Like a bullfighter who dodges his opponent with light-footed speed, Spanish leaders hope to avoid the horns of two problems pawing the ground before them. One is rising opposition to the country's expected entry into the Common Market by 1983, and the other is an unemployment rate climbing so fast that some economists wonder why havoc does not mainly reign in Spain.
Unemployment has quickly topped 14 percent, and still the economy dances along like a flamenco. This year, for instance, Spain is enjoying its second best year in tourism (the main foreign exchange earner), with almost as many visitors as there are Spaniards (38 million). And the gross national product chugs along at over 2.5 percent growth, one of Europe's highest rates in a period of stagnation.
But next year's public spending deficit is projected to grow 27 percent. This is caused mainly by rising unemployment benefits given to emigrant workers returning from recession-hit Western European nations. The government's chief concern had beeninflation which, with union help, dropped from an official 27 percent to 14.5 percent in just four years. But now joblessness is the target.
To create jobs, the main long-term answer is development of Spain's poor, rural regions, which provide many of the emigrants. Such a solution also helps attack another problem.
In the few years that Spain has tried to graft a parliamentary democracy onto a Fascist economy, the greatest source of political tension has been regional conflicts, the most noticeable being Basque terrorism.
In Catalonia, the Basque country, and Madrid - the area known as Spain's industrial triangle - personal incomes are an estimated 25 percent higher than other regions, and development is considered saturated.
In June, the ruling Democratic Center Union (UCD) of Prime Minister Leopoldo Calvo Sotelo made an agreement with the Socialist Workers' Party of Felipe Gonzalez to set up a ''solidarity fund'' for regional development. The largest chunk of this $1.9 billion interregional kitty will go to Andalusia (home of the flamenco). Per capita, however, Extremadura will receive the most.
By 1983, Spain is committed to granting local parliaments to each region, the latest being Galicia where elections were held for the first time on Oct. 20.
''In a country that has been absolutely, historically centralized, this is a big step,'' says Jose M. Vizcaino, a leading Spanish industrialist and chairman of Ramon Vizcaino, a refrigerator manufacturer.
Only a few companies are moving into depressed areas, says Mr. Vizcaino. They do so mainly because of high tax breaks. The firms must contend with lower quality in basic public services and worker skills, he adds.
(And as for that 14 percent of workers who are unemployed - ''They may not be so bad off,'' he says. He estimates that 20 to 30 percent of income beyond the official $300 billion Spanish economy is underground and untaxed.)
Building up business in rural areas, however, may take massive bank reform. The next two years, says Frederick E. Tetzeli, vice-president for international affairs at Morgan Guaranty Bank, will see many changes in Spain's financing system. Presently, companies are all too dependent on short-term credit. Loans for three to six years are rare. Investments with delayed profits are difficult. ''To think ahead two to three years is difficult,'' says Mr. Vizcaino.
If there is hope for change, it comes through the competition from about 20 foreign banks, most of which recently opened offices in Spain under tight control, but all bringing the practice of long-term credit. Another aid to bank reform would be adoption of international auditing standards, says Mr. Tetzeli. And in January, banks will be allow to set their own loan rates more freely.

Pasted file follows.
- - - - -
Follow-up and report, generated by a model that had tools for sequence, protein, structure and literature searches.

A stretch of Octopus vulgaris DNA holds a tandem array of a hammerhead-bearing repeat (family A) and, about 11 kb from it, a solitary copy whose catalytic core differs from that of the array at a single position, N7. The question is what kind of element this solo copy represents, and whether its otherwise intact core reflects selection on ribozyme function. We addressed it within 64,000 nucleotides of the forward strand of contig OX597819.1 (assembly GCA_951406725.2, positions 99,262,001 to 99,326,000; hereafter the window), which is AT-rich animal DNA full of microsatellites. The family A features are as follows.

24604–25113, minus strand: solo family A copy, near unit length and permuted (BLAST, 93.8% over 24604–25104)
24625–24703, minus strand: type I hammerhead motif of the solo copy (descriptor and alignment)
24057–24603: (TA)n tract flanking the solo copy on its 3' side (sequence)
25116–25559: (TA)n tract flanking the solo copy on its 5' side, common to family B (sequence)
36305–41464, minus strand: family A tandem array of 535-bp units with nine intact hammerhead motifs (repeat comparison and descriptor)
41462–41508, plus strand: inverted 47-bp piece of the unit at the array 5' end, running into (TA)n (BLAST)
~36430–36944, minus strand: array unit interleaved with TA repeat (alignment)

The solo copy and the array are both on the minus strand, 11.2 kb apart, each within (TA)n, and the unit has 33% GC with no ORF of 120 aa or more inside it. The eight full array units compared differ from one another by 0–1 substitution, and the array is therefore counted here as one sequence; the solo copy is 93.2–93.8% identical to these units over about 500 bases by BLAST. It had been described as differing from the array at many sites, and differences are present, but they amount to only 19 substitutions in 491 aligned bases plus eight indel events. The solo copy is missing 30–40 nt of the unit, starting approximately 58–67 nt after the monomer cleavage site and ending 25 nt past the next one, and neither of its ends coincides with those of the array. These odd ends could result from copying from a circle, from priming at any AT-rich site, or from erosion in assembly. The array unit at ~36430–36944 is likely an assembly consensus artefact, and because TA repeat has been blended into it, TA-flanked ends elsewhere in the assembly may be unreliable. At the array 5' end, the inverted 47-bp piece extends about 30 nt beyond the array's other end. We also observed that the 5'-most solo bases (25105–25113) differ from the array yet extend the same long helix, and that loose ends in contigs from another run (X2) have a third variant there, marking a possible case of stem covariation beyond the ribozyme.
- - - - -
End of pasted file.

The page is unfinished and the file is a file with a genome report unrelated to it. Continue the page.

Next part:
Besides rural uplift, Spain hopes to attract more foreign investment, says Ignacio Comin y Ollarzabal, director general of foreign transactions for the Spanish Ministry of Economy and Commerce. The nation's oil import bill has reduced domestic savings by 3 percent a year. Common Market countries have an average 4 to 5 percent of total investments from foreign sources. In Spain, only 2 percent of capital comes from abroad.
In April of this year, Spain opened the door a little more for foreign investors. Projects up to $250,000 in value, for instance, need almost no government approval. Subsidies are available for up to 20 percent of projects, and 40 percent for ''traditional crafts'' ventures.
Capital of over $3.4 billion flowed into the Mediterranean nation from 1975 to 1980, one-quarter of which came from American investors. (Switzerland was second with 17 percent of foreign capital.) About half of the investments were in real estate - a sign of hope for the country.
Spain hopes investors will see the country as a springboard for sales into the Common Market, once entry is accomplished. Spanish wages are $7 to $8 an hour compared with the EC average of about $12 an hour.
But negotiations in Brussels on Spain's entry in the EC are only halfway complete - the easy half. Still to tackle are the tough issues of migrant workers and agricultural products. Entry would likely not start before 1984 or 1985 at the earliest, and may take seven to ten years in transition to ease the Spanish economy into full integration through rigorous stages.
EC pressure on Spain to open up its markets and remove protection for industry, such as import taxes, has flamed resistance among local businessmen. The Federation of Business Organization is pushing for very slow transition.
''We have had too easy growth under the old paternalistic, protected economy, '' says Mr. Vizcaino. ''We are now paying the consequences of this policy.''